Unfortunately, there are about 100,000 – 200,000 Anterior Cruciate Ligament (ACL) ruptures every year, many of these go on to be repaired by an orthopedic surgeon.
An ACL Tear is a serious knee injury and typically requires Reconstructive Surgery. ACL Reconstruction accounts for about 20% of all knee injuries in high school athletes. (Joseph Et al 2013) Most of these go on to have reconstruction surgery.
After a tear, many athletes go on to repair their ACL and begin what is typically a 9-12 month recovery process.
Before you have surgery though, there should be some prep work involved in not only getting your knee ready but also involved with choosing the right surgeon, the right ACL graft type, and choosing the most appropriate PT.
Choosing the right doctor.
Believe it or not, you get a choice in your surgeon and the PT you would like to see after rehab.
Would you rather have a surgeon that does only a few of these a year or 1000s of these a year? It seems rhetorical however many ACL reconstructions are done by surgeons who do less than 50 a year. (Kapoor, B. Et al.) Surgeon volume has been shown to be one of the biggest risk factors for surgical complications(Lyman, Stephen. Et. Al).
What questions do you ask?
How many of these surgeries have you done this year?
Will I be in a knee brace after surgery and will I be able to put weight on my leg?
What graft do you typically use?
Do you typically recommend a hamstring graft or patellar tendon graft? Why?
Do most of your patients return to normal activity and athletic activity?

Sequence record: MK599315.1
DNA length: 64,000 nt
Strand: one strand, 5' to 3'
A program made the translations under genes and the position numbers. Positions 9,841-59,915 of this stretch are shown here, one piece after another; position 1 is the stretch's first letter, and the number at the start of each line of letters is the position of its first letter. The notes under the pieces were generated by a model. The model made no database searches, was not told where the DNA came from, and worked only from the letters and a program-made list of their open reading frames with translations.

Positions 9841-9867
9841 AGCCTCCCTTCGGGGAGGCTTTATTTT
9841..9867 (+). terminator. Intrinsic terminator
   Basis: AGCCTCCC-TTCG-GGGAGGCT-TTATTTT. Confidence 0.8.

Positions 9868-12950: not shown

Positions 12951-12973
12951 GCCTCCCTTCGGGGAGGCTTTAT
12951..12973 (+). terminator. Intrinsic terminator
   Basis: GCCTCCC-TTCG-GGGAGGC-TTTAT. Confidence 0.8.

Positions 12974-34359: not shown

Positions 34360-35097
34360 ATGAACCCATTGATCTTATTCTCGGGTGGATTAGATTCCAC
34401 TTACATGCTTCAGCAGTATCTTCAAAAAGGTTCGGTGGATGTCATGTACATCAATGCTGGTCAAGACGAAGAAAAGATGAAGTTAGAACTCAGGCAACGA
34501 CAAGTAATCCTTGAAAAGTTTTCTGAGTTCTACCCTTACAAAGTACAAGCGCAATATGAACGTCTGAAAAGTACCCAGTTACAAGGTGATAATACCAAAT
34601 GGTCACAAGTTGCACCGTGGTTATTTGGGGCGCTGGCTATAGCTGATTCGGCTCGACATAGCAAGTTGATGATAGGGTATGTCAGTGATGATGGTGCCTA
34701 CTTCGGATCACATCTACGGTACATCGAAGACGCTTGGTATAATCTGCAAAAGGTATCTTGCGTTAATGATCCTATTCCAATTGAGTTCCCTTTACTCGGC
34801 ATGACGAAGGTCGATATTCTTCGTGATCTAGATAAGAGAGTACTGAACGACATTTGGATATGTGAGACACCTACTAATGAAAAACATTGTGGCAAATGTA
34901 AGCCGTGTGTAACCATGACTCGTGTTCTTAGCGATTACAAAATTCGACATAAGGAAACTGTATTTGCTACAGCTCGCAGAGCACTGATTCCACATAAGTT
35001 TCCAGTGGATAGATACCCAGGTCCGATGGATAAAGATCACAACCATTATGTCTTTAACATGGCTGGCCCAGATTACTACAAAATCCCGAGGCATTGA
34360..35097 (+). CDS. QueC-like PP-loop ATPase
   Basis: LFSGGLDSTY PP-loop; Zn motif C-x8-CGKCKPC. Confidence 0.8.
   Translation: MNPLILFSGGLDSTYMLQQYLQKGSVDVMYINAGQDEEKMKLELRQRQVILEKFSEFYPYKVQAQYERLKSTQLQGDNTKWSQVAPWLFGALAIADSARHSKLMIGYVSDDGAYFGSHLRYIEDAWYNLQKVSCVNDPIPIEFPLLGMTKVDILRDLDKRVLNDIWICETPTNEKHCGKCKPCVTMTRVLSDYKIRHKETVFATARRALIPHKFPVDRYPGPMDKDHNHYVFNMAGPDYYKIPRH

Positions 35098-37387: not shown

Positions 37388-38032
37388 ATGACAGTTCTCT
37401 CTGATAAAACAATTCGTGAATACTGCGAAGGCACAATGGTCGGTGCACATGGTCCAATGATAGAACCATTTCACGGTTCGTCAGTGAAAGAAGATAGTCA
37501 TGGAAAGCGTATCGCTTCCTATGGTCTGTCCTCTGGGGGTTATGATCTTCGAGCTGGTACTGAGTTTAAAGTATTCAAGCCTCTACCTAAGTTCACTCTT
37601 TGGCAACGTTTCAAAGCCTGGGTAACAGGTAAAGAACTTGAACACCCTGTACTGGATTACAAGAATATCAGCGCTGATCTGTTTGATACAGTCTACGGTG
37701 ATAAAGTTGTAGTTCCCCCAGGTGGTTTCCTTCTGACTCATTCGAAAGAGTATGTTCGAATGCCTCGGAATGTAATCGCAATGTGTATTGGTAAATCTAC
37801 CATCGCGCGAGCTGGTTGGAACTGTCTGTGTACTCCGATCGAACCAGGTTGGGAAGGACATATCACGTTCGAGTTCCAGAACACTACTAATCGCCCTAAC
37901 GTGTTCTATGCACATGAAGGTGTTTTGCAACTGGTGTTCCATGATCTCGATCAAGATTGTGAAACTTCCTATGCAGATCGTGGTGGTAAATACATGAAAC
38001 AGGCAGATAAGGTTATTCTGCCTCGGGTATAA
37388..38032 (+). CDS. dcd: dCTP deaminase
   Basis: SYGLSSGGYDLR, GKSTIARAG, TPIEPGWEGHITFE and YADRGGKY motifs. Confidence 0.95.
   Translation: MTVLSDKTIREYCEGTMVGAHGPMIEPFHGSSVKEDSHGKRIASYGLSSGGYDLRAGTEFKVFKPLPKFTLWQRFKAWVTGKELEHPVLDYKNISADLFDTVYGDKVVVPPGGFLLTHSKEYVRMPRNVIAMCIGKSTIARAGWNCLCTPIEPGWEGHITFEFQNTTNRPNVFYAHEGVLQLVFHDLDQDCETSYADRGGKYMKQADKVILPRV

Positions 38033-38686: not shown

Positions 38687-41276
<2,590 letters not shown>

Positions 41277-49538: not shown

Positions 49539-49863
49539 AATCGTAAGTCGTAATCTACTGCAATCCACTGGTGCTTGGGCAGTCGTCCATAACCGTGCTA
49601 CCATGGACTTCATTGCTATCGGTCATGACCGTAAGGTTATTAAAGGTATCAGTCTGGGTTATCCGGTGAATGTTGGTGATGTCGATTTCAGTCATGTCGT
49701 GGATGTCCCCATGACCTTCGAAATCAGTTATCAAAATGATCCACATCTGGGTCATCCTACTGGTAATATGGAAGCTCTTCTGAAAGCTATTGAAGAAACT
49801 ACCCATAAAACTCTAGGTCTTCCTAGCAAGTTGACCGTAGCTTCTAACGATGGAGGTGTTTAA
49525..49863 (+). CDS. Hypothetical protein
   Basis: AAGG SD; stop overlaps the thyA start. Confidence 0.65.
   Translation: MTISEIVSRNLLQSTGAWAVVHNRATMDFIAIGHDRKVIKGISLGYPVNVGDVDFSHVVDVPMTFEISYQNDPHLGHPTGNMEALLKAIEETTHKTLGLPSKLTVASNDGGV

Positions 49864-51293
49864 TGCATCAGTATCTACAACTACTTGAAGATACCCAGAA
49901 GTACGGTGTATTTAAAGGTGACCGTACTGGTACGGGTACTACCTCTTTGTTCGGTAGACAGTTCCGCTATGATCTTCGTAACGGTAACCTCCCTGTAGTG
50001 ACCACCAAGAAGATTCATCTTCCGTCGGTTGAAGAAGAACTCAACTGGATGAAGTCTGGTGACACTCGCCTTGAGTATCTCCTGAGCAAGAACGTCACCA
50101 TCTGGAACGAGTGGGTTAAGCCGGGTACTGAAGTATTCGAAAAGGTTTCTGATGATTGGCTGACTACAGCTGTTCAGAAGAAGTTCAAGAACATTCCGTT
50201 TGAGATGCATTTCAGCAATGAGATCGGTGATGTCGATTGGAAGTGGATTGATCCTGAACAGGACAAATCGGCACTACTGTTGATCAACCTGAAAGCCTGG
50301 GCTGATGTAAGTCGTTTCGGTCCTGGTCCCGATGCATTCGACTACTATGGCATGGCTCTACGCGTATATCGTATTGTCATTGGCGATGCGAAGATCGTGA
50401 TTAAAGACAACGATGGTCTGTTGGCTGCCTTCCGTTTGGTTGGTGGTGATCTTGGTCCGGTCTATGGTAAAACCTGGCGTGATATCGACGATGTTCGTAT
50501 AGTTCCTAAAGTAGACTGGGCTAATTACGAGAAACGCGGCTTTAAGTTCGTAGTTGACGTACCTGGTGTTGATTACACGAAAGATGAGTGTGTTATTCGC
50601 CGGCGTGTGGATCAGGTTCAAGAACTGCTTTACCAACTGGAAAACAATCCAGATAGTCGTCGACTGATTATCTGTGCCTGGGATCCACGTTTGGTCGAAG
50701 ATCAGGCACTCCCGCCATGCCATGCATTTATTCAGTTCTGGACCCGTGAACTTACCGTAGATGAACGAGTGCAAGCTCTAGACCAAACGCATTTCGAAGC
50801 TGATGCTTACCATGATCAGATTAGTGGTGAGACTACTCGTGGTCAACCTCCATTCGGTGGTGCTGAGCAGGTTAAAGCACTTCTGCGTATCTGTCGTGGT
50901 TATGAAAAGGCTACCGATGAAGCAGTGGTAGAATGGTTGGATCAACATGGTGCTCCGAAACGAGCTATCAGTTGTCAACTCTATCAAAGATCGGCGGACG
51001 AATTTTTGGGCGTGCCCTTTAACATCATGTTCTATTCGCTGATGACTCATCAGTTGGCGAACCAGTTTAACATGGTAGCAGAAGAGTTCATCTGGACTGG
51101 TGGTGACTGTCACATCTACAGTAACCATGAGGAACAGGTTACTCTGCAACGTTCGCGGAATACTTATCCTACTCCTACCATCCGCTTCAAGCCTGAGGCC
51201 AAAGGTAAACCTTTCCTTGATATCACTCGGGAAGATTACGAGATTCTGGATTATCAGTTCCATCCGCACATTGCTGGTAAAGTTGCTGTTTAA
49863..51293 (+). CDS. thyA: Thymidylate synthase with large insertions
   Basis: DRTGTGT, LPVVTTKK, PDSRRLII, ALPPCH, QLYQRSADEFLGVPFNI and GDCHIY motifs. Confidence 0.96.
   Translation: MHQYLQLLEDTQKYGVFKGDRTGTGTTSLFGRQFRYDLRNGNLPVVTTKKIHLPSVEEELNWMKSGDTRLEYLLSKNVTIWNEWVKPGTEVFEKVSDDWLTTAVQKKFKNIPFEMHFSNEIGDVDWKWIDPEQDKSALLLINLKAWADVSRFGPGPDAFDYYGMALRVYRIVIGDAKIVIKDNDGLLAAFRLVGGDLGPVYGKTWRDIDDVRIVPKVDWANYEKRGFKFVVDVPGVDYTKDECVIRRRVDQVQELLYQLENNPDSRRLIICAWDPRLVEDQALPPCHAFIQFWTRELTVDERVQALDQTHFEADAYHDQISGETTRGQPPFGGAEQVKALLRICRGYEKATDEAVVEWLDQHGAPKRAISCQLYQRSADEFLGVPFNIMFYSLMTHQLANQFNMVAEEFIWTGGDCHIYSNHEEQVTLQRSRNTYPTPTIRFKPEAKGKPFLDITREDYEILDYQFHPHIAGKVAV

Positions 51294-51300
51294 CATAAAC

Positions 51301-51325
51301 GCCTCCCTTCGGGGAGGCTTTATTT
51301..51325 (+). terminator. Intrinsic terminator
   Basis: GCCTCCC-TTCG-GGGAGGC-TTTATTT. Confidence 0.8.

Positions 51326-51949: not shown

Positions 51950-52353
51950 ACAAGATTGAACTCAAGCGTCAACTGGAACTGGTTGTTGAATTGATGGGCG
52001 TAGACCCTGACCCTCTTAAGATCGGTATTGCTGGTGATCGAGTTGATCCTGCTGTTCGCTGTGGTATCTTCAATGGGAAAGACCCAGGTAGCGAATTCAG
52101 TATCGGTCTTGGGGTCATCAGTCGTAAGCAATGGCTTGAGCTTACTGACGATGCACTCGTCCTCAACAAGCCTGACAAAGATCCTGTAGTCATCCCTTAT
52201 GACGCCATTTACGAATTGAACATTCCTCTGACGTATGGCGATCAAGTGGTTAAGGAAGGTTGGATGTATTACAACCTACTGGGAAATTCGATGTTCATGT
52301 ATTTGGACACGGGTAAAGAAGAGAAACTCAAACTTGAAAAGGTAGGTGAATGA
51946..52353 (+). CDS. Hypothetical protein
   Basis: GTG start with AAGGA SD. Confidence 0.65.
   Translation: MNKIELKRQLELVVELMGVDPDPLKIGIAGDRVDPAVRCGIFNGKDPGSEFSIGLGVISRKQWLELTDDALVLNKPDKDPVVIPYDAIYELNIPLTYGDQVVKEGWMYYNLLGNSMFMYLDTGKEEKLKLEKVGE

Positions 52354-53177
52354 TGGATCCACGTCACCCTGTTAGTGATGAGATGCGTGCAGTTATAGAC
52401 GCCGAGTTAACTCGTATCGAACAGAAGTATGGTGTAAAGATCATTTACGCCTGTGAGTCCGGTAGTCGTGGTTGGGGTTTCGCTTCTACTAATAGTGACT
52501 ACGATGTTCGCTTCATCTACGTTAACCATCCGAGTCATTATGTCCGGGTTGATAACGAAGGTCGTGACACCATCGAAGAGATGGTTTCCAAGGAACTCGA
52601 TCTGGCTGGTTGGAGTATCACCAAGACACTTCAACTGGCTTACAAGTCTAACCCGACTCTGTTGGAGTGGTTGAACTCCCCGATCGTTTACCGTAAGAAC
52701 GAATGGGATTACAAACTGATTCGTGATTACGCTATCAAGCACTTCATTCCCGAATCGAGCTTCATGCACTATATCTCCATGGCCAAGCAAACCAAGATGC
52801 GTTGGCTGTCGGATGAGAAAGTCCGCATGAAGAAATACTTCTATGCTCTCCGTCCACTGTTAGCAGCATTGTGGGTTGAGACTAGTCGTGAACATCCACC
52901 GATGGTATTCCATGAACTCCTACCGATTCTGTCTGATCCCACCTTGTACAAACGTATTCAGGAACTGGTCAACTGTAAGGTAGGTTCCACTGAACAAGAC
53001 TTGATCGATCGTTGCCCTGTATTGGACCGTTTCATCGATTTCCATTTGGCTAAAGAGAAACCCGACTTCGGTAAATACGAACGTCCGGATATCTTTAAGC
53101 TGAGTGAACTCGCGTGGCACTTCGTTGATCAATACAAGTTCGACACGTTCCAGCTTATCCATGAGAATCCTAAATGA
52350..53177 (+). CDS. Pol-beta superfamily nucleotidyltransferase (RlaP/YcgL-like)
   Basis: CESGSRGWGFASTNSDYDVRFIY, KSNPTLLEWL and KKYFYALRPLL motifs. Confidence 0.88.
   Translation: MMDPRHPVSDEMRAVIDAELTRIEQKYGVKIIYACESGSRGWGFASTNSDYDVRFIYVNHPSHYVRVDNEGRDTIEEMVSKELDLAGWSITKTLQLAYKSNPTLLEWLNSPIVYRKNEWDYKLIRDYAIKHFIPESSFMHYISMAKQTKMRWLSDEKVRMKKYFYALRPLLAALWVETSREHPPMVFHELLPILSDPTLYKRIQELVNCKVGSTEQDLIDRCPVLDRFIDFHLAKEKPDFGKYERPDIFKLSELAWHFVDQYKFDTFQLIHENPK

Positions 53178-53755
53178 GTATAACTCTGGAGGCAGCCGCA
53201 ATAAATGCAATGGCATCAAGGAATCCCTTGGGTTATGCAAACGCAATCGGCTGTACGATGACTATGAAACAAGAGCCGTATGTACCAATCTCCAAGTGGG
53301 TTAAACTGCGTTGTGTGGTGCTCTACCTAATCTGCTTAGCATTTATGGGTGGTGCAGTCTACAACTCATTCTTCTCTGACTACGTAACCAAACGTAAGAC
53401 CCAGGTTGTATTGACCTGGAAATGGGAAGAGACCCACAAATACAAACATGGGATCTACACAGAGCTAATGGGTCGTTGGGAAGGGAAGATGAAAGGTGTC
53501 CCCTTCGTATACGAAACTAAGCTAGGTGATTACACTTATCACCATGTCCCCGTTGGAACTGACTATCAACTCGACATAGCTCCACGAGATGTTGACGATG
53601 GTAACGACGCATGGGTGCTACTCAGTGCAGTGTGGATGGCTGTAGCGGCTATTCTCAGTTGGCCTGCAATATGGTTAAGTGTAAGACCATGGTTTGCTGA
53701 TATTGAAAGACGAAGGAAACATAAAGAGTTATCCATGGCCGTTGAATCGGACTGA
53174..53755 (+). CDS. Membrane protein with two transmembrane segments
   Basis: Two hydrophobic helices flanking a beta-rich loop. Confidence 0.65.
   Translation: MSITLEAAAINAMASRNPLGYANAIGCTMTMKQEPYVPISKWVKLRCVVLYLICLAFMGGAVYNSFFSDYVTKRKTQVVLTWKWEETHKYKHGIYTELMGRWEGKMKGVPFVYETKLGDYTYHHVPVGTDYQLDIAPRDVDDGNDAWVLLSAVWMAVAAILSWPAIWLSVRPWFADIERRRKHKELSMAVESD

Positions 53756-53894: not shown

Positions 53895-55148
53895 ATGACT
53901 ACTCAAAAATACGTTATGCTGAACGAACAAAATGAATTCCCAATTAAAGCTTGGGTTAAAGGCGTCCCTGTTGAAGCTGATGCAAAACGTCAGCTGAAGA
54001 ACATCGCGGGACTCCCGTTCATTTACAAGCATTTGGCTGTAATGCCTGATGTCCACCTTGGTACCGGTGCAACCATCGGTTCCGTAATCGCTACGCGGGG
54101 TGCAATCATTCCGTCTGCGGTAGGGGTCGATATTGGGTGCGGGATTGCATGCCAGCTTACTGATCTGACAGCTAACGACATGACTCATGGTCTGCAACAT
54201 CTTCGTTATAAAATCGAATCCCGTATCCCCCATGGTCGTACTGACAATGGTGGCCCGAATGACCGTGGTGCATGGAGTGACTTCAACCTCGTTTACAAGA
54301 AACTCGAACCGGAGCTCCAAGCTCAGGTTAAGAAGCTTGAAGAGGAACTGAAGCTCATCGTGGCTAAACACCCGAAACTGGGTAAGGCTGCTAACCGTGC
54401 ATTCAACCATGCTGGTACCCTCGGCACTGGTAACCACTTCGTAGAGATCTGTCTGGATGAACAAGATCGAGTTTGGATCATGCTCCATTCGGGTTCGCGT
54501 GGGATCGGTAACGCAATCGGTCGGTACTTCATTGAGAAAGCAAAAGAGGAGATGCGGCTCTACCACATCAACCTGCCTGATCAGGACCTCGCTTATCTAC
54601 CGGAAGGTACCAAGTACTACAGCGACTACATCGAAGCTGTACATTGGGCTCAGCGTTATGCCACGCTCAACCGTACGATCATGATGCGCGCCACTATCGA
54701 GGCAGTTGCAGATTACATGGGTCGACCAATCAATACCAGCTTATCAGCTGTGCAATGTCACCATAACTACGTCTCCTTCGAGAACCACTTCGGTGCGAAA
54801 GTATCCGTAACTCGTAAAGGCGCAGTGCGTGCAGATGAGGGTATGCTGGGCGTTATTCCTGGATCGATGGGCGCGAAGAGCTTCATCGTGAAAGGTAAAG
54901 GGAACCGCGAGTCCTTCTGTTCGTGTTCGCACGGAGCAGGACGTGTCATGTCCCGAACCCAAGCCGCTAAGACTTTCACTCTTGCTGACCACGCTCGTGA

How long will my recovery be? When will I be able to return to sports?
There are so many questions to ask your surgeon, but these are some of the best ones to consider when asking.
What Graft Should You Choose?
The ACL is primarily responsible for preventing the shin bone from sliding forward on the thigh bone. These bands of tissue when ruptured cause knee pain, swelling, and difficulty having normal knee function.
There are several different types of grafts that can be used to perform Anterior Cruciate Ligament Reconstruction. The two most common types are where your surgeon will use either your hamstring for a hamstring graft or a portion of your patellar tendon for a patellar tendon graft.
Both of these types of grafts are very common and will vary from physician to physician. A good physician will help you determine what graft is best for you. This will depend on age, the health of your knee joint, whether you have a meniscus tear associated with it, and so much more.